Will a stuck tampon eventually come out?
So let me just start with the good news: NOPE! A tampon CANNOT get lost in your body. Even though your vagina connects your outside parts with the “inside” of your body, there's basically a dead end at the top of the vagina - it's called your cervix, and there's no way a tampon can go past that.
Do you need to wear a pad with a tampon?
It's common to use different things at different times during your period. For example, someone may use tampons during the day and pads at night. You can also wear period underwear, a pad, or a pantyliner (a thin pad) while you're using a tampon or cup, for backup protection in case of leaks.
Can you wear tampons to swim?
Tampons are specifically designed to absorb period flow before it can leave your body which makes them one of the best products to use for swimming on your period and you won't have to worry about signs of your period showing in the water. ... So, do yourself a favor and leave the pads behind and snag a tampon.
How can I stop my period leaking at night?
How to Stop period leaking at night
- Use pads with wings. ...
- Change your pad right before going to bed. ...
- Use overnight pads. ...
- Wear a tampon. ...
- Get out of bed slowly in the morning.
Can a man wear a tampon?
But aside from stopping the flow of a lady's menstrual cycle, tampons have many practical uses for both women and men. In fact, they could even save your life.
What is Septicaemia?
Septicemia, or sepsis, is the clinical name for blood poisoning by bacteria. It is the body's most extreme response to an infection. Sepsis that progresses to septic shock has a death rate as high as 50%, depending on the type of organism involved. Sepsis is a medical emergency and needs urgent medical treatment.
What does toxic shock look like?
Toxic Shock Syndrome Symptoms
A high fever that spikes suddenly. Low blood pressure. Throwing up or frequent, watery stools. A rash that looks like a sunburn, especially on your palms and bottoms of your feet.
The following bacteria cause TSS: Staphylococcus aureus (S. aureus or staph): This bacteria typically lives on your body. It can enter your bloodstream through skin wounds and small tears in your vagina while using tampons.How long does it take to get toxic shock syndrome from tampons? ›
In general, TSS symptoms can develop as soon as 12 hours after a surgical procedure. Symptoms usually develop in 3 to 5 days in individuals who are menstruating and using tampons or menstrual cups.What are the chances of getting toxic shock syndrome from tampons? ›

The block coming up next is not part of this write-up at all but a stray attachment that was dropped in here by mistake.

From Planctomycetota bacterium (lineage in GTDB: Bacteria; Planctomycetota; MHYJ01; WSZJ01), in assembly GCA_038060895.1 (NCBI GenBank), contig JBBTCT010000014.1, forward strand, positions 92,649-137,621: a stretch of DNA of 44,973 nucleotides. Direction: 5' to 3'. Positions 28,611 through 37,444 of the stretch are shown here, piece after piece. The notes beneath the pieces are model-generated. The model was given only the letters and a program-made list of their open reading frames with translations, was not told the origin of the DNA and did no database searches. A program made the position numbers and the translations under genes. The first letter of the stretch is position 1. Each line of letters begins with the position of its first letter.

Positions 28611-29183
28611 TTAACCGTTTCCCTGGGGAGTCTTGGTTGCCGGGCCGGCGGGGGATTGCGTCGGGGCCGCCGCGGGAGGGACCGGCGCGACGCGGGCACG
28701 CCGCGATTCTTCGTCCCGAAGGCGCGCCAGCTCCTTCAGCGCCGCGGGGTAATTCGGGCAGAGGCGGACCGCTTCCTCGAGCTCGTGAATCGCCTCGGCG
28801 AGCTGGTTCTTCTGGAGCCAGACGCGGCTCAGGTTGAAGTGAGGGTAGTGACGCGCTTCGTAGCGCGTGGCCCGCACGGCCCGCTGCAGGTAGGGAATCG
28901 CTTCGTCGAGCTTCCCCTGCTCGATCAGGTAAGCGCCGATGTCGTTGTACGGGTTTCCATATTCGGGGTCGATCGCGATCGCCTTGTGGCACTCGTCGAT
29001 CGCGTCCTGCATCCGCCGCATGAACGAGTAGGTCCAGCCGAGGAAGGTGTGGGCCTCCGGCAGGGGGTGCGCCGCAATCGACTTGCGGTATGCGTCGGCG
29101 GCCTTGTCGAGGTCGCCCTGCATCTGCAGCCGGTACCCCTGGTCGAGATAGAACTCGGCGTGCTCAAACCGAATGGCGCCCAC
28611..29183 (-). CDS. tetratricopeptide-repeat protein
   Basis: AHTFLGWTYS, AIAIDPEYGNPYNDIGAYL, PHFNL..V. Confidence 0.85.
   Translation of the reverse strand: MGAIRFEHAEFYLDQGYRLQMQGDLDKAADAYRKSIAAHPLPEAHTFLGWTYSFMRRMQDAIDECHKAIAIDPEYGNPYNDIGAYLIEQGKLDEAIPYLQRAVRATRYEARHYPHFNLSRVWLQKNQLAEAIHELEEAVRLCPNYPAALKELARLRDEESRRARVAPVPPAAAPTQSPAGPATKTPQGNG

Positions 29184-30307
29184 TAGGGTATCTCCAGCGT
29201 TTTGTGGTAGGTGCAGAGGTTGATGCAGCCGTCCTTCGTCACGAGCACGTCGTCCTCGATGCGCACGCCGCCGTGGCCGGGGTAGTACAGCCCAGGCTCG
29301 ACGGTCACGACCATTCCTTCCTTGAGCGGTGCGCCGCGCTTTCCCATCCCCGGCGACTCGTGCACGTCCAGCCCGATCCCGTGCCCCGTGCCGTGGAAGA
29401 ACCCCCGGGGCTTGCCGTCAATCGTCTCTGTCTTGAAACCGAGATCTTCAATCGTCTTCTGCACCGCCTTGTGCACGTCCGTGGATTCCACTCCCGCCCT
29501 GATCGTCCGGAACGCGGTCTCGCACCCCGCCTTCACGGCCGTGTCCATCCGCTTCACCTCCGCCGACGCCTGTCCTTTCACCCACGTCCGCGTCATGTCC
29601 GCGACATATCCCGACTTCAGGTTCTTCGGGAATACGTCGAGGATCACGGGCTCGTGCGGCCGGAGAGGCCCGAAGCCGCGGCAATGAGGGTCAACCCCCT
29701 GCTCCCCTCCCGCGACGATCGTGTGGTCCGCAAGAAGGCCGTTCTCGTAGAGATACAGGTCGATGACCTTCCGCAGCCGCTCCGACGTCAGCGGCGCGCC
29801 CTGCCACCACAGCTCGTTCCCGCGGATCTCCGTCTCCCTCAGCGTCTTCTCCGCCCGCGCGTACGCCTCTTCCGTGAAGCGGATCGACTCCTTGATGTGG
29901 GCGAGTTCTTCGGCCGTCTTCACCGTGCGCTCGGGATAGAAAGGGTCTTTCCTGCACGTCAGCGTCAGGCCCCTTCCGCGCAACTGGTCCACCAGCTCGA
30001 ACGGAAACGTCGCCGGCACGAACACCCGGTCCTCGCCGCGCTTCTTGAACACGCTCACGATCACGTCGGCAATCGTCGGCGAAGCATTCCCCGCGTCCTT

“The National Organization for Rare Disorders estimates that TSS related to tampon use occurs in about 1 in 100,000 menstruating women.”What are the 3 major criteria of toxic shock syndrome? ›
Multisystem involvement (three or more of the following organ systems): Gastrointestinal: vomiting or diarrhea at onset of illness. Muscular: severe myalgia or creatine phosphokinase level at least twice the upper limit of normal. Mucous membrane: vaginal, oropharyngeal, or conjunctival hyperemia.
Most commonly, Staphylococcus aureus (staph) bacteria cause toxic shock syndrome. The syndrome can also be caused by group A streptococcus (strep) bacteria.How rare is toxic shock syndrome? ›
The incidence of TSS is estimated to be around 0.8 to 3.4 per 100,000 in the United States. This activity reviews the evaluation and treatment of toxic shock syndrome and discusses the role of the interprofessional team in evaluating and treating this condition.What does the beginning of toxic shock feel like? ›
The symptoms of toxic shock syndrome (TSS) start suddenly and get worse quickly. They include: a high temperature. flu-like symptoms, such as a headache, feeling cold, feeling tired or exhausted, an aching body, a sore throat and a cough.How do you test for toxic shock syndrome? ›
Your vagina, cervix and throat may be swabbed for samples to be analyzed in a lab. Because toxic shock syndrome can affect multiple organs, your doctor may order other tests, such as a CT scan, lumbar puncture or chest X-ray, to assess the extent of your illness.Can you survive toxic shock syndrome? ›
Toxic shock syndrome (TSS) is a rare but very serious infection. TSS is a medical emergency. So it's important to know how to prevent it and what signs to watch for. With prompt treatment, it's usually cured.Is toxic shock syndrome easy to get? ›
Reducing the risk of toxic shock syndrome
Given the number of women worldwide who regularly use tampons, TSS is a very rare condition. Suggestions to reduce the risk include: Change tampons regularly (at least every four hours). Avoid using super-absorbent tampons.
Prostration and hypotensive shock can occur within 24 hours. Milder forms of the disease also may be seen. The overall mortality rate is approximately 8 percent. This report describes a mild case of TSS in a young, healthy, 16-year-old female who developed symptoms during menstruation.What age group is most at risk for toxic shock syndrome? ›
Age: STSS is more common in adults 65 years of age or older. Skin injury or breakdown: Recently having surgery, a viral infection that causes open sores (like varicella), or other skin injury increases risk for developing STSS.What is the survival rate of toxic shock syndrome? ›